As a professional rule, I try to keep things positive. I like to be a cheerleader for all the great people out there and avoid boosting the signal on a bunch of negativity.
However, situations compel me to devote this one post to something totally crappy.
TL;DR: Patricia Hswe and I wrote an article for American Libraries and the editors added some quotes from a vendor talking about their products without telling us. We asked them to fix it and they said no.
Because American Libraries refused to clarify what happened, we decided to clarify it ourselves. What follows is our second (and hopefully happier) attempt at collaborative writing. This little blog does not have quite the reach of that big glossy magazine so please feel free to share as widely as you want. As always, let me know if you have any questions!
email@example.com || @stewartvarner
If you are a member of ALA and receive American Libraries, you may have seen an article we wrote in the most recent issue (Jan/Feb 2016) titled “Special Report: Digital Humanities in Libraries.” Unfortunately, because the article was edited after we thought we had turned in the final version, we aren’t nearly as happy to share it with you as we had hoped to be.
The edits in question were not harmless. They were quotes added to the body of the article from a representative from Gale/Cengage about steps they are taking to develop commercial products which they believe will be useful for digital humanists.
We probably do not need to spell out why we are disappointed by this but, just for the record, we have two major problems:
- These were not superficial changes and the editors at American Libraries should have spoken to us before publishing them.
- More substantially, we feel it is grossly inappropriate for a magazine that is supposed to represent libraries and librarians to insinuate a vendor’s perspective directly into an article without the authors’ knowledge or permission. This is especially true when the vendor has a very obvious financial motive for being part of the conversation.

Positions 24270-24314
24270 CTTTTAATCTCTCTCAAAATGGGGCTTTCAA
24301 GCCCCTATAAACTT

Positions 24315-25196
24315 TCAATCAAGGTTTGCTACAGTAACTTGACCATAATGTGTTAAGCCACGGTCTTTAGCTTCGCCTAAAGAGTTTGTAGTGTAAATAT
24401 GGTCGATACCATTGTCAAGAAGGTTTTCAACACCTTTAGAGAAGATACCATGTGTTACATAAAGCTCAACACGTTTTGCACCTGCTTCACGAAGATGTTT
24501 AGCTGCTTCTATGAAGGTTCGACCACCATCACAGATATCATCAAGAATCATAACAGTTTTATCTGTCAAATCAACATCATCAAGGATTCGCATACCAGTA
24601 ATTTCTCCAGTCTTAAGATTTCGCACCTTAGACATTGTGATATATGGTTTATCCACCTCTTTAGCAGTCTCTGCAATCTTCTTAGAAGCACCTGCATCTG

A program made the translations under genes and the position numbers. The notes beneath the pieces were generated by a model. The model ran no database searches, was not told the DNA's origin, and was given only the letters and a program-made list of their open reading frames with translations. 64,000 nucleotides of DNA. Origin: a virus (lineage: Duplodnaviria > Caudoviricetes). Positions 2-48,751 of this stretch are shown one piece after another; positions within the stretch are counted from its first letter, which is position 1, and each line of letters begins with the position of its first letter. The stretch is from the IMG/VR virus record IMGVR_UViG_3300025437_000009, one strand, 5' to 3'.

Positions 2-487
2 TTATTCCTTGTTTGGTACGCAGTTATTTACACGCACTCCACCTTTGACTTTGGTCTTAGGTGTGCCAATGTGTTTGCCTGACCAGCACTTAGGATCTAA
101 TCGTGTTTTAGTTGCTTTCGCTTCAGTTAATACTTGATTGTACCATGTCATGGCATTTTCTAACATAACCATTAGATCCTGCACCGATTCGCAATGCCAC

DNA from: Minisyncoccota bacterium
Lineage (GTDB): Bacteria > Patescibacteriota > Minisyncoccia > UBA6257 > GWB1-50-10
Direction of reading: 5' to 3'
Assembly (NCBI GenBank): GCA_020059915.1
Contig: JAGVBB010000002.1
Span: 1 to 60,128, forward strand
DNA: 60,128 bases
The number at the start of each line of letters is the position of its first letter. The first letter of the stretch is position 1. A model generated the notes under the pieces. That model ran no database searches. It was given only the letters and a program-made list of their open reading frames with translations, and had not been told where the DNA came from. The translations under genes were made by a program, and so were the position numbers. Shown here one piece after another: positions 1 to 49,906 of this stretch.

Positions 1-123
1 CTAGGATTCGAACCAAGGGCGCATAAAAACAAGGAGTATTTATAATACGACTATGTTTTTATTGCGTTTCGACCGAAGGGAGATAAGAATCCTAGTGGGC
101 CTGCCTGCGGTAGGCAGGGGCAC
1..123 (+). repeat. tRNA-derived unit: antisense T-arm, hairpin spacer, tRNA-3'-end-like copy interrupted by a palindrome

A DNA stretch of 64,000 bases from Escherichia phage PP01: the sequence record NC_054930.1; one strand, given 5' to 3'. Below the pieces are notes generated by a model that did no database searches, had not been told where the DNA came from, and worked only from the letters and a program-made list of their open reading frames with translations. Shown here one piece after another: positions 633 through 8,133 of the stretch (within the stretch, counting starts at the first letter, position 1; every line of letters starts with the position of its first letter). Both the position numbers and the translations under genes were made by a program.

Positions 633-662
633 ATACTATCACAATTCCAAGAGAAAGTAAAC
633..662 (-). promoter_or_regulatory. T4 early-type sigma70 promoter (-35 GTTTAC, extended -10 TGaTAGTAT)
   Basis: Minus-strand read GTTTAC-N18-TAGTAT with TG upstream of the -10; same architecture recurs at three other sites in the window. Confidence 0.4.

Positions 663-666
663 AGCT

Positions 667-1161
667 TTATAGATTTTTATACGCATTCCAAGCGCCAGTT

Let us state for the record that we did not speak to anyone at Gale/Cengage about this article, we had no role in developing or carrying out the survey, we did not see those quotes prior to publication and would not have included them in our article if we had.
Importantly, our problem is not with Gale/Cengage but with the way American Libraries is handling their relationship with them in the context of the article we wrote.
When American Libraries approached us about the article, they said “We are also conducting a survey with Gale/Cengage, so that data would be incorporated” in our article. This was reiterated in the official scope document for the article which stated, “[w]riters should also include the results of the Gale and American Libraries survey of faculty and librarians.” The editor at American Libraries gave us access to data from that survey and we did, in fact, cite some of that data in our article.
There is something else that happened that is relevant here. Throughout the writing process, the editor at American Libraries kept mentioning that they were going to give us a contact at Gale/Cengage in case we had questions. On October 27th (nearly a month after we accepted the assignment), the editor gave us contact information for a “Senior Manager of Public and Media Relations” at Gale. We didn’t really see how someone in that role would have much to add to our story and, because we were almost finished anyway, we decided not to bother contacting them. We turned in the first draft on November 9 (only three days late!). For the next week, went back and forth with some minor edits and signed off on what we thought was the final version on November 16.